BUSINESS
By Cox News Service | September 2, 2006
ATLANTA -- Home Depot has rolled out a steady stream of attempts to juice up customer service in its cavernous stores - self-checkouts, huge cash awards, even orange rubber bracelets designed to inspire its orange-aproned crew. In its latest move, the home improvement retailer is going back to the basics: putting more help in the aisles. Home Depot said in its recent quarterly earnings announcement that it is adding 5.5 million hours to store schedules for the fall and winter, a period in which it typically scales back - though what that means for the average store is hard to tell.
ENTERTAINMENT
By GLENN MCNATT and GLENN MCNATT,SUN ART CRITIC | January 1, 2006
The philosopher Roland Barthes called photographs remnants of an absent past, a species of semi-magical sign denoting something that once was, but that is no longer. Absence and loss are the subject of Mitch Epstein's Warehouse, 2000, one of the Baltimore Museum of Art's newest acquisitions. Senior contemporary art curator Darsie Alexander purchased the picture last year for the museum's photography collection with funds from a grant provided by the Horace W. Goldsmith Foundation. The 30-by-40-inch color image, which seems to depict an array of anonymous objects in an anonymous room in some anonymous city, exudes an almost ineffable sadness, like the poignance of a memorial.
BUSINESS
By LORRAINE MIRABELLA and LORRAINE MIRABELLA,SUN STAFF | October 12, 2001
A slowdown in consumer spending that worsened after the Sept. 11 terrorist attacks left a majority of national retail chains with dismal sales last month - the weakest performance of any September in three decades. Many of the national chains, which reported monthly sales yesterday, warned of weaker-than-expected third-quarter profits and said they'd been forced to trim expenses and cut back on inventory. Sales rose a modest 0.8 percent in September, led by Wal-Mart Stores Inc., which posted a 6.3 percent sales gain in stores open at least a year, according to the Bank of Tokyo-Mitsubishi's index of 78 chain stores.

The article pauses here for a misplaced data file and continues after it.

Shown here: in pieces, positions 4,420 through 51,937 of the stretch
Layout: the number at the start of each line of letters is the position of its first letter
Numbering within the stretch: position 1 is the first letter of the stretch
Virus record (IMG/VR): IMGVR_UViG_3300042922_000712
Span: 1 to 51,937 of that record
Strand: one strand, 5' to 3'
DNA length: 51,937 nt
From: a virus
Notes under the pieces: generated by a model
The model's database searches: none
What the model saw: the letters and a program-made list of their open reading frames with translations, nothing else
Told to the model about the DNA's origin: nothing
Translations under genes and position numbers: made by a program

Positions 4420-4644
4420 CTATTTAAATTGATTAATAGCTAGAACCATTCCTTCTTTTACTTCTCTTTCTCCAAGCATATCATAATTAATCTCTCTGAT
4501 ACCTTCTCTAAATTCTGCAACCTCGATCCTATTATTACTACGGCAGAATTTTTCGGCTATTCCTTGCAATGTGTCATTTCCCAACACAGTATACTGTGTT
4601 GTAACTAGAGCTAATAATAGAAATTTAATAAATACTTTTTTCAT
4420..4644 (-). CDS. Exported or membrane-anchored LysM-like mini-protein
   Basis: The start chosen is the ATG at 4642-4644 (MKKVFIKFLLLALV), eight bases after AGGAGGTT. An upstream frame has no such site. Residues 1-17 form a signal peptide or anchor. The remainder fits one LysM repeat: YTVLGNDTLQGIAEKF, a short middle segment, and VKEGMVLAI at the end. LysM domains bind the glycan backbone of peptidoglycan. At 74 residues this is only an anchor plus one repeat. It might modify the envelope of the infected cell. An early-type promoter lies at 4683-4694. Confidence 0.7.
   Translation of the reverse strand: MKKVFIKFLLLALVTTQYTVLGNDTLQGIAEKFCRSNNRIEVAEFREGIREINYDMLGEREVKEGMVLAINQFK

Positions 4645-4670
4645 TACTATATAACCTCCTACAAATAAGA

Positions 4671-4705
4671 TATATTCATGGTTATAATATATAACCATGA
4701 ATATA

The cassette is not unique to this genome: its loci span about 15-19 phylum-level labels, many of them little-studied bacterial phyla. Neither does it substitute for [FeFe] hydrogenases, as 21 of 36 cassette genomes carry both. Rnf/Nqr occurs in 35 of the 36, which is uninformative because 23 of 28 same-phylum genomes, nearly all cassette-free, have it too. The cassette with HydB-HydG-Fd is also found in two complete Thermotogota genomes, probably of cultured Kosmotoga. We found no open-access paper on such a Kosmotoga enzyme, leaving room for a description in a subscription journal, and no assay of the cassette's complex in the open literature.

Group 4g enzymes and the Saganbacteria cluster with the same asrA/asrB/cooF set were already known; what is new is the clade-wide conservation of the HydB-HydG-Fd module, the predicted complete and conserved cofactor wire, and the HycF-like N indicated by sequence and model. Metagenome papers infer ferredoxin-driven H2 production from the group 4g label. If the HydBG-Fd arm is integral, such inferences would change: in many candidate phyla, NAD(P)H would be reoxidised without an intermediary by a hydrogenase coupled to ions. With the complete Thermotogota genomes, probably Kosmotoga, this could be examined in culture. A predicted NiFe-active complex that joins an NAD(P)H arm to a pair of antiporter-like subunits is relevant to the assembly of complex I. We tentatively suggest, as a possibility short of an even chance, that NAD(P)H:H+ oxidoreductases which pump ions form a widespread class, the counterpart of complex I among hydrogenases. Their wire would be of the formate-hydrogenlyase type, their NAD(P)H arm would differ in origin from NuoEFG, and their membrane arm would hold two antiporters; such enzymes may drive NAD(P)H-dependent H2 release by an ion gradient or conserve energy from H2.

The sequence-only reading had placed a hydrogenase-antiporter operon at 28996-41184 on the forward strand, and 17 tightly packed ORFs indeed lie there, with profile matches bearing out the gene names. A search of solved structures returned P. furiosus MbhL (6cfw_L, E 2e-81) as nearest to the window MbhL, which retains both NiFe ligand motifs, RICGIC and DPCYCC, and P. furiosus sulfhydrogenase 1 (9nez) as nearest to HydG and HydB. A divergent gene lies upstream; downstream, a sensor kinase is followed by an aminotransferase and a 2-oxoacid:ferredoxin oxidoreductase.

BUSINESS
By Lorraine Mirabella and Lorraine Mirabella,SUN STAFF | March 25, 2000
In a bid to tap into a resurgence in the urban retail market, a Connecticut-based developer wants to build the city's first "big box" shopping center on a former rail yard in Port Covington, an estimated $50 million project that could bring up to 600 jobs. Starwood Ceruzzi is proposing a 400,000-square-foot waterfront center anchored by two warehouse-style superstores on Cromwell Street in South Baltimore, the company said yesterday. The developer has a contract with CSX Corp. to purchase about 45 acres on part of a peninsula east of Hanover Street, but has not yet closed the deal, Ken Goldberg, a Starwood Ceruzzi senior vice president, said yesterday.
BUSINESS
By Lorraine Mirabella and Lorraine Mirabella,SUN STAFF | April 2, 1999
Mondawmin Mall, a West Baltimore landmark and the city's oldest shopping mall, will be spruced up and expanded with a large new supermarket and a warehouse-size specialty chain, mall representatives said yesterday.The mall's owner, Rouse Co., will build a 58,000-square-foot grocery store on the southern edge of the center and, in a second phase of development, construct a 132,000-square-foot store at the northwest corner, said Brian K. Gardiner, vice president and general manager for Mondawmin.